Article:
Recalling Pietro Stella’s references to the thought of Ottato (320-397 a. V.), an acient well known bishop of Milevi, often mentioned by the Jansenist literature of the 16th and 17th century, it is supposed that Cavour’s famous saying “Free Church in a free State” doesn’t come either from Vinet (Ruffini) or Montalambert (Passerin d’Entrèves), but from the early 19th century Jansenist tradition to which the two ecclesiastic who had “looked after” Covour’s mother’s conversion from Calvinism to Catholicism belonged (Giuseppe Boyer and Carlo Tardi) and that, moreover, had Francesco of Sales, Camillo’s paternal grandmother’s ancestor, as “Chosen Saint”. Such a tradition had embraced and passed on Ottato’s saying “Respublica non in Ecclesia, sed Ecclesia in Republica est”, assimilated within his family by Cavour who made in the summary of his own concept about the relationship between secular and religious society.
The «unreasonable» time and the unbearable delays in adjudicating civil litigations are the worst troubles, that, nowadays, modern societies have still to face. There can be no doubt that a too late justice is finally destined to turn to an «unjust» determination of the case (or, in other words, to a substantial injustice), with heavy economic costs and wide social disadvantages. This serious problem, both in civil law systems and in common law countries, is well known ; but everywhere the best legislative attempts and efforts, in order to improve the judiciary and the proceedings’ efficiency, are too often crowned with failure. This essay tries to analyze – in a broad constitutional perspective, with special reference to spanish, portuguese and latin american systems – the strict relationship that exists between the «reasonable» time in civil trials and the «fair process» guarantees’ effectiveness.
L’Italia è un osservatorio privilegiato per confrontare il modello processuale accusatorio e quello inquisitorio poiché ha adottato un modello processuale del tutto originale. Dal 1989, infatti, è stato progressivamente introdotto nell’ordinamento italiano un modello processuale ispirato al modello adversarial: prima nella sola procedura penale e poi, nel 1999, in tutti i tipi di processo (grazie alla riforma dell’art. 111 della Costituzione). Tuttavia questo modello è stato adattato, attraverso una serie di aggiustamenti, ad una realtà per molto tempo legata ad un modello inquisitorio. Questa novità ha inciso moltissimo nella cultura giuridica ma anche nella cultura diffusa dell’Italia di questi anni poiché l’opposizione tra le parti (in Italia chiamata “contraddittorio”) viene presentata come un bene da tutelare e custodire e non più come un problema da evitare. Purtroppo, nell’ambito della esperienza giuridica concreta, il valore ad oggi attribuito al confronto tra le parti è ancora una sterile drammaturgia della controversia. Con questa ricerca si intende spiegare le ragioni che fondano la razionalità intrinseca e la forza aletica della relazione di scontro tra le parti. Essa rappresenta il cuore socratico della procedura adversary poiché genera un legame che consente il dispiegarsi di ciò che supera le pretese particolari delle parti stesse ed è comune ad ambedue: questo perché l’opposizione rappresenta non solo uno strumento logico di accertamento/espunzione della contraddizione dai loro ragionamenti, ma è la condizione affinché le tesi esposte ‘abbiano a che fare’ con la verità.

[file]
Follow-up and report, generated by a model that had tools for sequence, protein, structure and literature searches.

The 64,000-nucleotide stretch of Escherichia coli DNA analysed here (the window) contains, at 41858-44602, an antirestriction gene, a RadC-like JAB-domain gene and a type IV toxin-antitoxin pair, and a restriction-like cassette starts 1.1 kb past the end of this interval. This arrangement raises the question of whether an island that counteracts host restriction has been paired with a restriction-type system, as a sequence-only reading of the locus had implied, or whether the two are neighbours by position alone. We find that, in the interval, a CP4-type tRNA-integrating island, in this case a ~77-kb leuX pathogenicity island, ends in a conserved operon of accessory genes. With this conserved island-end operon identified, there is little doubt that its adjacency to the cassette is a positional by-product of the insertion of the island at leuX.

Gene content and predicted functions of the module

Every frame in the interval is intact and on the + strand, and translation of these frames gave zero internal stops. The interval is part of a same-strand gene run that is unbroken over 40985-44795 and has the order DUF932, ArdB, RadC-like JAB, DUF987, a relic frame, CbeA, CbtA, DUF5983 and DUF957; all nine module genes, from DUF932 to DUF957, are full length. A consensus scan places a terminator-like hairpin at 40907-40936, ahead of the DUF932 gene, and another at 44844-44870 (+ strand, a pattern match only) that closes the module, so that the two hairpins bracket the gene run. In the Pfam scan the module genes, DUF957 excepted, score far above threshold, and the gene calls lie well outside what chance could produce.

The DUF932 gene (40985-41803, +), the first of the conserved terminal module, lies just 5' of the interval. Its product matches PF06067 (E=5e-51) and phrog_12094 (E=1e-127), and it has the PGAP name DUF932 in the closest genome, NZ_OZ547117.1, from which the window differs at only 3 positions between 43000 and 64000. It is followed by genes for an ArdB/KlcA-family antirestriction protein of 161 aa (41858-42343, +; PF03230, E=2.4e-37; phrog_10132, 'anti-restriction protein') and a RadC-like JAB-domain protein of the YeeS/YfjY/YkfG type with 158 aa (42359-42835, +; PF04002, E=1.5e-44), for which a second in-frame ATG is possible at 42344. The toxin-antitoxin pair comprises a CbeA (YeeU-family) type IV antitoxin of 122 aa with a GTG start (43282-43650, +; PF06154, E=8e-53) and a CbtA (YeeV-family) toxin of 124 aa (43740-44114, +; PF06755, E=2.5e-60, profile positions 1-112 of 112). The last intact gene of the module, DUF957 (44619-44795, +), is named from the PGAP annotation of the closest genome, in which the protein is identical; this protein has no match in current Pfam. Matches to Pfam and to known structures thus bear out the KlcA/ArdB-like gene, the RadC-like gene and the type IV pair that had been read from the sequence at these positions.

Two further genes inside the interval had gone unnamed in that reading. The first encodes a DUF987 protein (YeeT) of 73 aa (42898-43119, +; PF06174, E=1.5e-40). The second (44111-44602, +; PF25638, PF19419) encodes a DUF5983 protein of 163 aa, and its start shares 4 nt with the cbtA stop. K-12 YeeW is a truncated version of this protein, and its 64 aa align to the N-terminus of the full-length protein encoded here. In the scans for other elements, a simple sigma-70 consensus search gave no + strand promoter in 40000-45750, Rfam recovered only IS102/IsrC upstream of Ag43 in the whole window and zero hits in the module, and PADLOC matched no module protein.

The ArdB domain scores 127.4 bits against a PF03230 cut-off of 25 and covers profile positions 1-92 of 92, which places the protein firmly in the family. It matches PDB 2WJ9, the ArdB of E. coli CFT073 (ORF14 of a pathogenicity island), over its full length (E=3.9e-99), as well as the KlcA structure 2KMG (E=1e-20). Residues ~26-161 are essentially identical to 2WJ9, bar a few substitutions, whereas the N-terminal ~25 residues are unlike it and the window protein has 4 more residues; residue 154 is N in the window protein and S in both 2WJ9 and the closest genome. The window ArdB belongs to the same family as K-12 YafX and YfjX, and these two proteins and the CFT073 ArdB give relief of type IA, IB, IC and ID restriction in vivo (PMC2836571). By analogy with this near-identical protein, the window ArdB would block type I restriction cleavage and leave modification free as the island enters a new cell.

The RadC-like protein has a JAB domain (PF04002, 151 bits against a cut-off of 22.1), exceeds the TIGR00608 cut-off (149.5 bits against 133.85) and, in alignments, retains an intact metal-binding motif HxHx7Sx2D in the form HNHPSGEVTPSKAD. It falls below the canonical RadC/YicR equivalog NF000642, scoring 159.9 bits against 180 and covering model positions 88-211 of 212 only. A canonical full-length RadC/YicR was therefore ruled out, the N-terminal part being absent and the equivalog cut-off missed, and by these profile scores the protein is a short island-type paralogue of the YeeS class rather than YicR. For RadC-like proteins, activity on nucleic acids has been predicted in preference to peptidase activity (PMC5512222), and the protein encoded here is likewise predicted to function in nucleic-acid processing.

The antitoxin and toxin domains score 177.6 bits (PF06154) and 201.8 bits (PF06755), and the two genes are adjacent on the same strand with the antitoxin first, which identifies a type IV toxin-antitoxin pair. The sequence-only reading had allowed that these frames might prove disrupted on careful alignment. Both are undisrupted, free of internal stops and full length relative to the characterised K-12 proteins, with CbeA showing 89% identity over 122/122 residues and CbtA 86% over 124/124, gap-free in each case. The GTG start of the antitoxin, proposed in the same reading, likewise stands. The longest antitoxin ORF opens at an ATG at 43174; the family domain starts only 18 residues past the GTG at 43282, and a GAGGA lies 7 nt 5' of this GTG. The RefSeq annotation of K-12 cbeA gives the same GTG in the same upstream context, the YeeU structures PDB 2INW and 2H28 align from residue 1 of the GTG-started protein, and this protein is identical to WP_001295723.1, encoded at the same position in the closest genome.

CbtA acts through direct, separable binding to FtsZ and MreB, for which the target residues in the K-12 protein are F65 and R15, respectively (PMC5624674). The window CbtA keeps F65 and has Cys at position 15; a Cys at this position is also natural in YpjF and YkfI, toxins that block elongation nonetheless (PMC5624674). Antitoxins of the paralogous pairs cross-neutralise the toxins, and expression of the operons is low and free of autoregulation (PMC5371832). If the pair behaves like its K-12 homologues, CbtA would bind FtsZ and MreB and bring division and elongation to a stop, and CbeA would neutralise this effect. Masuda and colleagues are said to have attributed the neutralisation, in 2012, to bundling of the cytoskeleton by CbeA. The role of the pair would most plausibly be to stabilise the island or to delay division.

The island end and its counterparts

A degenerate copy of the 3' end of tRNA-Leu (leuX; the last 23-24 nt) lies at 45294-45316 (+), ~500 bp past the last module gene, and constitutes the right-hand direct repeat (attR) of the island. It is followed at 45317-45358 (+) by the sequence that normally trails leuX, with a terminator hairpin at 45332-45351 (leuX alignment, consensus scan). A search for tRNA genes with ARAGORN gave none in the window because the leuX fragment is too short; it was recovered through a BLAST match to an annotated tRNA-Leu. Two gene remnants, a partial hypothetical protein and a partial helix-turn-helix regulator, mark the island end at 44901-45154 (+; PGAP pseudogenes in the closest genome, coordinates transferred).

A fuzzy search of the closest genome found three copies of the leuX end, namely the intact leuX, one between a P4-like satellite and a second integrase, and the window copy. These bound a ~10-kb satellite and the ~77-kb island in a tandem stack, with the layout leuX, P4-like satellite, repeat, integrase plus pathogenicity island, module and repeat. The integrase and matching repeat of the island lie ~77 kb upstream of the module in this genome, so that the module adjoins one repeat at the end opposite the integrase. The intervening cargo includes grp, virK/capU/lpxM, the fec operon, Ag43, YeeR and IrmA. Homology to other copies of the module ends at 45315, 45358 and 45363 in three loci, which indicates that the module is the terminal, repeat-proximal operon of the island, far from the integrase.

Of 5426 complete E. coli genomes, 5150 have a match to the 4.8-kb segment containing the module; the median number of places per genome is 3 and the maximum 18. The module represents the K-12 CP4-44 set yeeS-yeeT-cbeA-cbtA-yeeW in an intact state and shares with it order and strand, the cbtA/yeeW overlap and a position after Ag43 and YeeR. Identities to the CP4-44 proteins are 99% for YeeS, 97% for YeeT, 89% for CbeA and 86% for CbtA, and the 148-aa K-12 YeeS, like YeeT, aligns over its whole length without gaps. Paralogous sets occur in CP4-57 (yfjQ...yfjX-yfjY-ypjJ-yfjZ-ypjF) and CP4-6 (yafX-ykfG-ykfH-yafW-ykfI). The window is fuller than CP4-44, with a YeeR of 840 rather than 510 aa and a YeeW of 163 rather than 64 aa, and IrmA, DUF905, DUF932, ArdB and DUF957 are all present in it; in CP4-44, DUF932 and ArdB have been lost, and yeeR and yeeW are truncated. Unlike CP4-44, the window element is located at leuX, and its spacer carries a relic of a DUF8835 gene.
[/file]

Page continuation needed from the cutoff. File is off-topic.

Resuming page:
After analysing the features of the duty to reasonable accommodation, applied by the Supreme Court of Canada in relation to religion practises, the article aims to underline that the reasonable accommodation supposes an inclusive notion of State neutrality. This notion, while imposing to State authorities an attitude of impartiality towards religious convictions, does not imply the complete exclusion of religion from the public sphere. The second part of the article focuses on the jurisprudence elaborated by the European Court of Human Rights with regard to the manifestation of religious identity in the workplace. While recognising the principle of non discrimination, the Court seems really hesitant to identify a duty to accommodate in relation to religion practises. According to the thesis argued in the article, this trend is strictly linked with the principles elaborated by the Court on the State neutrality and on the religious pluralism of the public sphere. With special regard to the wearing of religious symbols the Court has been admitting some significant restrictions to the manifestation of religious identity in the public area.
The purpose of the present work is inquiring which kind of Christian judicial practice was increasing and developing during IV and V century, about matrimonial prohibition between people in relationship, in third collateral degree and inter consobrinos, so we can see that the canonical law –shown by the Church father and the Councils –, which was stabilizing himself at the time, arrived at parenetic conclusions that met the Empires’ legislation. The comparison with legal regulation, regarding the same field in IV century, enabled us to analyze the relationship between the two legislation, in order to contest the doctrine, well known during the last decades, which presumes the derivation of the imperial laws from the Cristians’ ones. This doctrine turns out not to be true, regarding, at least, prohibitions we examinated.